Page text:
“We have got to the point where we are overwhelmed by the amount of commentators,” she said. “And we get some spectacularly well-informed people. We get things like ‘have you seen what the Libor is doing?’

“Commentators are also not afraid of saying what they want to know about – and the bloggers are often happy to help.”

She also said the Alphaville team knows its output has to be good “because they will tell us if it’s wrong pretty quickly”.

A “6am Cut” Alphaville hits (free) subscribers’ inboxes each morning, a nightly round-up written from Tokyo designed to fill-in commuters on trains to the City after their world business news.

Perhaps the most popular element of Alphaville is the Markets Live blog– an occasional live blog on market movements that blends real-time share movements, analyst notes, general business news and reader comments.

It’s all written in an irreverent, cheeky but informative manner by Alphaville editor Paul Murphy and senior markets reporter Neil Hume that has proved a hit with readers (you can read old transcripts online).

The blog has its own set of emoticons, such as little tin hats representing dramatic falls in the value of companies that were frequently used last Monday, the worst day of trading since 2001.

All the FT’s journalism has some effect on business and the markets – and with Markets Live, the paper can see the effect of its journalism immediately, said Montgomery. “The old saying is that you buy on the rumour and sell on the fact – we’re letting people do both,” he said.

Though Montgomery was keen to point out that there was still a place for the “considered” view of the traditional web/newspaper round-up of the previous day’s news.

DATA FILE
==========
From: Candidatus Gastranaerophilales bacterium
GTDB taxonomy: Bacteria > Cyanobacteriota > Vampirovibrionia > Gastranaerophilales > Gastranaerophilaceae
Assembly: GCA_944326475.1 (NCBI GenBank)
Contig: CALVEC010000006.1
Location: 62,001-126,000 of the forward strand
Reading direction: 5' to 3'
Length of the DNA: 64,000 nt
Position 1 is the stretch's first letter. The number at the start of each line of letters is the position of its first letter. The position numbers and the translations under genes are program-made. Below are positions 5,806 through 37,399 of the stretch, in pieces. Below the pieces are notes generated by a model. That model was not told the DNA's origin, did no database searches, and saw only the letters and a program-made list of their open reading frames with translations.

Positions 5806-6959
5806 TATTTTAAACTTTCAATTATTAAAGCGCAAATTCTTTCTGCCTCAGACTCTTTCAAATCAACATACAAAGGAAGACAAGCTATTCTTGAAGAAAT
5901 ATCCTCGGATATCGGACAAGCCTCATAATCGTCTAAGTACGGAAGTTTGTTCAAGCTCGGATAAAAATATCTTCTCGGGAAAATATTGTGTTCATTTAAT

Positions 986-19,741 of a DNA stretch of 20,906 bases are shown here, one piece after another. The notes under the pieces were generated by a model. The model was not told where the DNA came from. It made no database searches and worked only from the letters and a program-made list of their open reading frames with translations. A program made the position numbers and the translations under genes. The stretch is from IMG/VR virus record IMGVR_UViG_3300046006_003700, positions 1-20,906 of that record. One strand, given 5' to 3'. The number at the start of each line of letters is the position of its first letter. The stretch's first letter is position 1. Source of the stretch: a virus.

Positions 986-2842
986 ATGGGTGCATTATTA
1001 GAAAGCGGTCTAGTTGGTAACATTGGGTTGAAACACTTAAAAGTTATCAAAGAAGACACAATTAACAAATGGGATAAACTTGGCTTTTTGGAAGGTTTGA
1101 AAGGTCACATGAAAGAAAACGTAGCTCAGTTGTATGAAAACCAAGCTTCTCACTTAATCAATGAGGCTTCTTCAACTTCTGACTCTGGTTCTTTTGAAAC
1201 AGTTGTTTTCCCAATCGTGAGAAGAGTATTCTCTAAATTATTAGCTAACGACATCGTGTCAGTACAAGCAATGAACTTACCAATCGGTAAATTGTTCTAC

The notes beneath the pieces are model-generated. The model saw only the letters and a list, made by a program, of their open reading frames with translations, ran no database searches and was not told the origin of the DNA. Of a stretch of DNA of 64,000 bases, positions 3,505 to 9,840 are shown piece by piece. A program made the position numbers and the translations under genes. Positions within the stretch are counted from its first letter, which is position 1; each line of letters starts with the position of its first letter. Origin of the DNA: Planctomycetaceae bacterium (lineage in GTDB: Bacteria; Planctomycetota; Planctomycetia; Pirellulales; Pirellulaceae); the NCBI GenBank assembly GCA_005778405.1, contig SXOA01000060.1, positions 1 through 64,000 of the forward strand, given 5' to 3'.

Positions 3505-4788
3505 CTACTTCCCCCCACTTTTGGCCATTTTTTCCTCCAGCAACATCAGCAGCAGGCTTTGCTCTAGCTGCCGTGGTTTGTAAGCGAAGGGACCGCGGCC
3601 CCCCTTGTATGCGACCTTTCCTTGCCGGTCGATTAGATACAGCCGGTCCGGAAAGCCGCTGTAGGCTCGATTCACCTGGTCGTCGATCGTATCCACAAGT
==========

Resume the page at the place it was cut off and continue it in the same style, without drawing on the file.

One thing Montgomery thinks could be a growth area is audience involvement – tapping into the undoubted expertise and knowledge of the world’s financiers, bankers and businees people who read the FT and FT.com. One idea he is keen on is employing readers to moderate online debates and live blogs.

But FT.com interactive editor Kate Mackenzie said it wasn’t just about quantity: “We don’t just chase numbers of comments no matter what the content is,” she said.

A problem: not many top level business people have the time to comment on web stories – and not many want to put their heads over the parapet to say anything, perhaps because for those that do sometimes find it backfires.

Online first and foremost?

I asked whether FT.com was the pre-eminent place to break news for FT journalists and whether web-first was the strategy for the paper’s many bureaux around the world. Not always, said Montgomery.

“It’s not a black and white issue. In print there is the issue of a print edition coming out somewhere in the world [the FT is printed in 23 countries]. It’s not like we have just one release time in print,” he says.

“In the UK we do sometimes hold things back for print because we don’t want out competitors finding something out, we do pay attention to competition. But, sometimes it pays to break a story online.”

In any case, even the biggest scoops, of which the FT has had many in recent months, find their way online by the early morning as the newspaper begins to hit the streets.